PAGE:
In waving images of the flag, the count of stars is often meaningless. Though it’s difficult to be sure, the count of 5 in this instance seems almost purposeful. If that is the case, a date of 1910 is a possibility. In this particular year, five states afforded women the right to vote. When examining the way the total was calculated, the situation can be a bit confusing. Some territories granted suffrage for elections prior to becoming states. In some cases, it was revoked, then reinstituted. The Wyoming Territory was the first to allow women to vote, in 1869, followed by the Utah Territory in 1870 (revoked in 1887, reenacted in 1895), the Washington Territory in 1883 (revoked in 1887, reenacted in 1910), and Colorado in 1893. While Idaho did, in fact, become the fifth state in 1896, Washington had revoked the right by this time, and did not reinstitute suffrage until 1910. Graphic depictions of American flags, altered for the Suffrage movement, seem to have no trouble in presenting the correct number of states. Some versions of a classic postcard illustrate a 13-stripe flag with 4 stars, listing Wyoming, Utah, Colorado, and Idaho, clearly excluding Washington, which basically got out of line, then back in, to become the fifth in 1910. When California adopted suffrage a year later, in 1911, flags were once again made to celebrate the event, celebrating its addition as the sixth state, by adding a sixth star. Though use of the “Don’t Tread on Me” motto is not known to have been common among the verbiage of the suffrage platform, it was certainly fitting, and it was, in fact, used. A terrific image of a parade in Washington, D.C., on March 3rd, 1913, illustrates a banner being carried by the Just Government League of Maryland, in the form of the flag in the design of the Culpepper Minutemen, with their name replacing that of the unit, along the top, above a coiled rattlesnake, flanked by the words “Liberty or Death,” with “Don’t Tread on Me” arched beneath. Clearly the words of colonial America in the Revolutionary War, were not lost on Maryland suffragettes. In addition, a calendar produced to advertise the Beneficial Insurance Company in 1903, shows a woman in a purple gown, on a green background—England’s suffrage movement colors—carrying a golden yellow Gadsden flag—the primary color of the movement in America. Typically illustrating Lady Columbia, the figure was changed to a Gibson girl-like image. Though suffrage is not specifically mentioned in the ad, the message of the firm is quite clear.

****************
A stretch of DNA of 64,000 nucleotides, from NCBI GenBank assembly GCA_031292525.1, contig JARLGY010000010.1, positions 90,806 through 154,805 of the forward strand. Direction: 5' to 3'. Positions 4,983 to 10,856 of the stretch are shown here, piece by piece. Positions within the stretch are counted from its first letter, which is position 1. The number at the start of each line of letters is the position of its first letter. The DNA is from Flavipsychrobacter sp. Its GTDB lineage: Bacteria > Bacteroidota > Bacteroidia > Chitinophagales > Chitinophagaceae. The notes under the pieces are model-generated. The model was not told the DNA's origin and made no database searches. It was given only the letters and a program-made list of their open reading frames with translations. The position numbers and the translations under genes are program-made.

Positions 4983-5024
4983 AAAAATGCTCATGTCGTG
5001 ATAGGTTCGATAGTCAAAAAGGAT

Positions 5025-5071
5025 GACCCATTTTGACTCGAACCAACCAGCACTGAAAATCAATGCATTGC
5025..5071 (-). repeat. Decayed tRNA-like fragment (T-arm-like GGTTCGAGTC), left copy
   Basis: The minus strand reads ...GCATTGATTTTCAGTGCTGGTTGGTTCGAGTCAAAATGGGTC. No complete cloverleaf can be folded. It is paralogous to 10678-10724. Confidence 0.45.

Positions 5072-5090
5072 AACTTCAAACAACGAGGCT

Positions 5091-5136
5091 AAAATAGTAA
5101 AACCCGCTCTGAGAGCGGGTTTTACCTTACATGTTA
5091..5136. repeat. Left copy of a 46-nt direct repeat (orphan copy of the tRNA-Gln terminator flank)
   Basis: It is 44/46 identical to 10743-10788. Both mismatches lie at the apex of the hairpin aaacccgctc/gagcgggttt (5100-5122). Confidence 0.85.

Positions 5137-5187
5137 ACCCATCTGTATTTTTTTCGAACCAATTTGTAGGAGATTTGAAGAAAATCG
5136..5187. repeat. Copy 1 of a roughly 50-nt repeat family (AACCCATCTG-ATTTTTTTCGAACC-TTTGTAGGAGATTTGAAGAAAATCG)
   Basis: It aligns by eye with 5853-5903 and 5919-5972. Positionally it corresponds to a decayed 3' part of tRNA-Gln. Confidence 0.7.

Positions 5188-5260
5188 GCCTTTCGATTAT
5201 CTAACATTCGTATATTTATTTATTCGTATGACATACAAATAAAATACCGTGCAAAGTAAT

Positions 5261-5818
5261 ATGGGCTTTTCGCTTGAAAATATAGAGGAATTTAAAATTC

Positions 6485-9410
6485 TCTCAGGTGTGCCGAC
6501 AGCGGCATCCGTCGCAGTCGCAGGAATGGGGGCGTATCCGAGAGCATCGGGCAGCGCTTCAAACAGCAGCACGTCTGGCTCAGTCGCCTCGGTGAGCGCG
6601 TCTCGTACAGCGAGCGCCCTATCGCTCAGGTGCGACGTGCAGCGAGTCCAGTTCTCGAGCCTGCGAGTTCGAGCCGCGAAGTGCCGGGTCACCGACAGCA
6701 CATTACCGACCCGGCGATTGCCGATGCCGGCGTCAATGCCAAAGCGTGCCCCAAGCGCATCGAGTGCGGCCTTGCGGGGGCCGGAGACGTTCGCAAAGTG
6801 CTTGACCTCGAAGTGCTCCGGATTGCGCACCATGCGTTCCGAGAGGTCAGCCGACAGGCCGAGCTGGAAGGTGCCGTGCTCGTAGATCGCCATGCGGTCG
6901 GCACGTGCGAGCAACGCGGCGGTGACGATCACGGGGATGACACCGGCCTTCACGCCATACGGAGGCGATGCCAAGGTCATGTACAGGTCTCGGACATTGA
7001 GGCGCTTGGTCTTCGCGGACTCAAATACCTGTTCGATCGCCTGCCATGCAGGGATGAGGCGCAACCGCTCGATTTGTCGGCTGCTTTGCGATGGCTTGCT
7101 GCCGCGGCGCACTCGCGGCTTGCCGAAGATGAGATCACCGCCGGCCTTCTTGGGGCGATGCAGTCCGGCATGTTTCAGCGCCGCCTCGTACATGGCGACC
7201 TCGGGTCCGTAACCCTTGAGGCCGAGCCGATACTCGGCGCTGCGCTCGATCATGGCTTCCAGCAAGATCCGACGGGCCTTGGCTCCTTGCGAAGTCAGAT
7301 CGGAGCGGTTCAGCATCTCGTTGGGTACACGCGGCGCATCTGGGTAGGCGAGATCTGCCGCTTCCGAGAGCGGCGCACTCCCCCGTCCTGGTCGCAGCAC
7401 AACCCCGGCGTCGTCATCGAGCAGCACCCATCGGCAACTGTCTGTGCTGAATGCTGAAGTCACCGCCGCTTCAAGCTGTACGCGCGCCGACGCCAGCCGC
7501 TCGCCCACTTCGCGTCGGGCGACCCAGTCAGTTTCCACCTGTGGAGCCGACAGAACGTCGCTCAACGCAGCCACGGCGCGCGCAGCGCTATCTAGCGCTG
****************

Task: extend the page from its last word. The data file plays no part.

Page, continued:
Whatever the case may be, with regard to the used of 5 stars, the composition and colors are the rug are wonderful, as-is the patriotic theme. The textile is a fantastic representation of American folk art in this medium.
Made of wool, the rug was constructed sometime between 1880 and 1910. This exact rug was illustrated on p. 66 of “American Hooked and Sewn Rugs” by Joel and Kate Kopp (America Hurrah Antiques), (1975, E.P. Dutton & Co, New York). The Kopps date the rug circa 1890.
Provenance: Joel & Kate Kopp (America Hurrah Antiques); Collection of Peter and Barbara Goodman (acquired in January of 1953).
Mounting: The rug was professionally mounted on black cotton twill. A custom, wooden framework was created for further support, and the background fabric was wrapped around it, so that approx. 1” of depth is visible around the outer edge.
Condition: A scattering of minor repairs constitute less than 1% of the composition.
|Collector Level:||Advanced Collectors and the Person with Everything|
|Flag Type:||Sewn flag|
|Earliest Date of Origin:||1880|
|Latest Date of Origin:||1910|
|War Association:||1898 Spanish American War|
|Price:||Please call (717) 676-0545 or (717) 502-1281|